Upon reaching the destination, the unloading process begins. Similar to the loading stage, the arrival time, the receiving personnel’s identity, and the cargo’s status are recorded. Blocks can be configured to only open at this point, ensuring additional security. 


The Electronic Proof of Delivery (EPOD) is also generated at this stage. This EPOD is a digital document, signed by the receiver, that serves as proof that the delivery was completed successfully.

Signing Off and Return Journey


Once unloading is complete, the delivery is signed off in the tracking system. The vehicle may then begin its return journey or proceed to the next delivery point, with the tracking system continuously monitoring its status.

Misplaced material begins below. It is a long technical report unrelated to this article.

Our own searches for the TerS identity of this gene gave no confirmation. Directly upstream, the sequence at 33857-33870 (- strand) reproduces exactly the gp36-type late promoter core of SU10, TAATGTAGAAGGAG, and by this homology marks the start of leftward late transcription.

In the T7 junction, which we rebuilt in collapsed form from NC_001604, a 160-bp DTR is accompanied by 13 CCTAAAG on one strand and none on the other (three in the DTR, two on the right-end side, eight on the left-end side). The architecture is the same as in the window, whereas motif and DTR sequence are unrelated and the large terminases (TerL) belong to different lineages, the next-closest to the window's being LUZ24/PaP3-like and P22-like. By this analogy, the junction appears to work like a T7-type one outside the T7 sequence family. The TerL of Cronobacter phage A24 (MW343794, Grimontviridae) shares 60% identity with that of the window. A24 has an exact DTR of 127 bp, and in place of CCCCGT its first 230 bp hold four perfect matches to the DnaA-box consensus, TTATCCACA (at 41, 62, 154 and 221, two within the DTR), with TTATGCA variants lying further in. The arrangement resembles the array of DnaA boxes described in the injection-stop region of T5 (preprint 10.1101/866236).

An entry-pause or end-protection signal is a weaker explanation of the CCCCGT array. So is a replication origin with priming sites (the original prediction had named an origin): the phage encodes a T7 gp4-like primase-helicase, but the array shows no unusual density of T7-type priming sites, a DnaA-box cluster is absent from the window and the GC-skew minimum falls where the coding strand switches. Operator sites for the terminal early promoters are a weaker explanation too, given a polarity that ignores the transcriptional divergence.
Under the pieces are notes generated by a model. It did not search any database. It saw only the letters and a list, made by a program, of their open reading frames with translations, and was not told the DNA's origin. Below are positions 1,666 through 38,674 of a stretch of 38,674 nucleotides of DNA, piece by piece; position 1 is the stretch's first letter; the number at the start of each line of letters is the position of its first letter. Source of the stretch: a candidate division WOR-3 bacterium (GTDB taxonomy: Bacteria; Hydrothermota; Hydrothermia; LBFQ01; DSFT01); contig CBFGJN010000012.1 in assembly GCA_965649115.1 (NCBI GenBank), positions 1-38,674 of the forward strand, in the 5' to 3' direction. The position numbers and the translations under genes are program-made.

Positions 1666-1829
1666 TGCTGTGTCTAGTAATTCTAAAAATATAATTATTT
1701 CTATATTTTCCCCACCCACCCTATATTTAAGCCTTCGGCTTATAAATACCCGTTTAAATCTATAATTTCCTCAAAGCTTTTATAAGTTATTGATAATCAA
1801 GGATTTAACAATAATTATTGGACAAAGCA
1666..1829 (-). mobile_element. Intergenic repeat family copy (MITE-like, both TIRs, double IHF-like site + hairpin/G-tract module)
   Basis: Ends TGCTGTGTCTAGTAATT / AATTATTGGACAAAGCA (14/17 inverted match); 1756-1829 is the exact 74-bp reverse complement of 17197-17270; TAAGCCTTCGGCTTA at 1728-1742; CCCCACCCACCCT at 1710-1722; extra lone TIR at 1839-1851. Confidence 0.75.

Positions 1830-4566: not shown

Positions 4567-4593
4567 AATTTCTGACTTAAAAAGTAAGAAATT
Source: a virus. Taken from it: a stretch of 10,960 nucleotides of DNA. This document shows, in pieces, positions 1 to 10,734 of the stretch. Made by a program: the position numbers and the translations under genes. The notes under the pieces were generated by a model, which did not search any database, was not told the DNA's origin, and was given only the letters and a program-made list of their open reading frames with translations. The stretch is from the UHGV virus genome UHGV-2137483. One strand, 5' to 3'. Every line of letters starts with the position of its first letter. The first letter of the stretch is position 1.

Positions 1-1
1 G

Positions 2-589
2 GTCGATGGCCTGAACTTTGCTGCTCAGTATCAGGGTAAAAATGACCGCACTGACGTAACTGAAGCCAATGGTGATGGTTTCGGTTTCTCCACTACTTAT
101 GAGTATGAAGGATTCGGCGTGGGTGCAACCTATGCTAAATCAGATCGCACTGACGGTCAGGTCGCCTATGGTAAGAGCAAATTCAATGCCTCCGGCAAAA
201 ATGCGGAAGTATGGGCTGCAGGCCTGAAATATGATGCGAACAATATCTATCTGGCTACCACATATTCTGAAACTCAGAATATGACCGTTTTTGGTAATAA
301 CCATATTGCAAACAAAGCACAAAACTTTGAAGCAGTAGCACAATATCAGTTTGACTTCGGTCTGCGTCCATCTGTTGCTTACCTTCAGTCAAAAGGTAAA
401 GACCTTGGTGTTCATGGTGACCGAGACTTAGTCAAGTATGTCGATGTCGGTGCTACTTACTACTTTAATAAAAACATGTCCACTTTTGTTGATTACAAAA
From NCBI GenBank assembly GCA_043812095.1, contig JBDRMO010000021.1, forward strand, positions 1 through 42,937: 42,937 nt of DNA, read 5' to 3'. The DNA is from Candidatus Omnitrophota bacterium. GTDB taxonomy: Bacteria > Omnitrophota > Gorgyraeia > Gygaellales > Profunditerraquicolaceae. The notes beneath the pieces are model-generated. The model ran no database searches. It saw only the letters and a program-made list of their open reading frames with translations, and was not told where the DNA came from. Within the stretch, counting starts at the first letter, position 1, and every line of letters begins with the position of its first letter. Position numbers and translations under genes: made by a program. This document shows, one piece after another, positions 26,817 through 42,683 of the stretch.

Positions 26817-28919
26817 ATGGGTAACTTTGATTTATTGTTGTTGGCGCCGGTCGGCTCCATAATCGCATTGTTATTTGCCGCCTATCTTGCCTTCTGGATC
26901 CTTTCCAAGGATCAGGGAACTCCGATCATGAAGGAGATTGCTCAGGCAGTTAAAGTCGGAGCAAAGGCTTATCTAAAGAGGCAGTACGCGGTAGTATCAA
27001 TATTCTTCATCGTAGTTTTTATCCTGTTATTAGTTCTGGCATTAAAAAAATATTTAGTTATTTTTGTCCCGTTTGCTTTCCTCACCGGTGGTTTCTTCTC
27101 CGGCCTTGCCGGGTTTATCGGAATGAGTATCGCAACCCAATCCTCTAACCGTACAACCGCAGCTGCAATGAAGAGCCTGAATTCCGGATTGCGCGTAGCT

Analysis and Optimization


All the data collected by the tracking system can be analyzed to provide insights into the efficiency of the supply chain. This can identify areas for improvement, such as route optimization, schedule adjustments, and driver training.


What Are the Leading Benefits of Vehicle Tracking Systems?


Implementing a robust vehicle movement tracking system offers many advantages that reach far beyond simple location tracking. These systems are invaluable for boosting operational efficiency, maintaining compliance, and enhancing the customer experience. Let’s explore the core benefits in more detail:

Minimize Late Deliveries/Increase On-Time Deliveries Without Excel and Follow-ups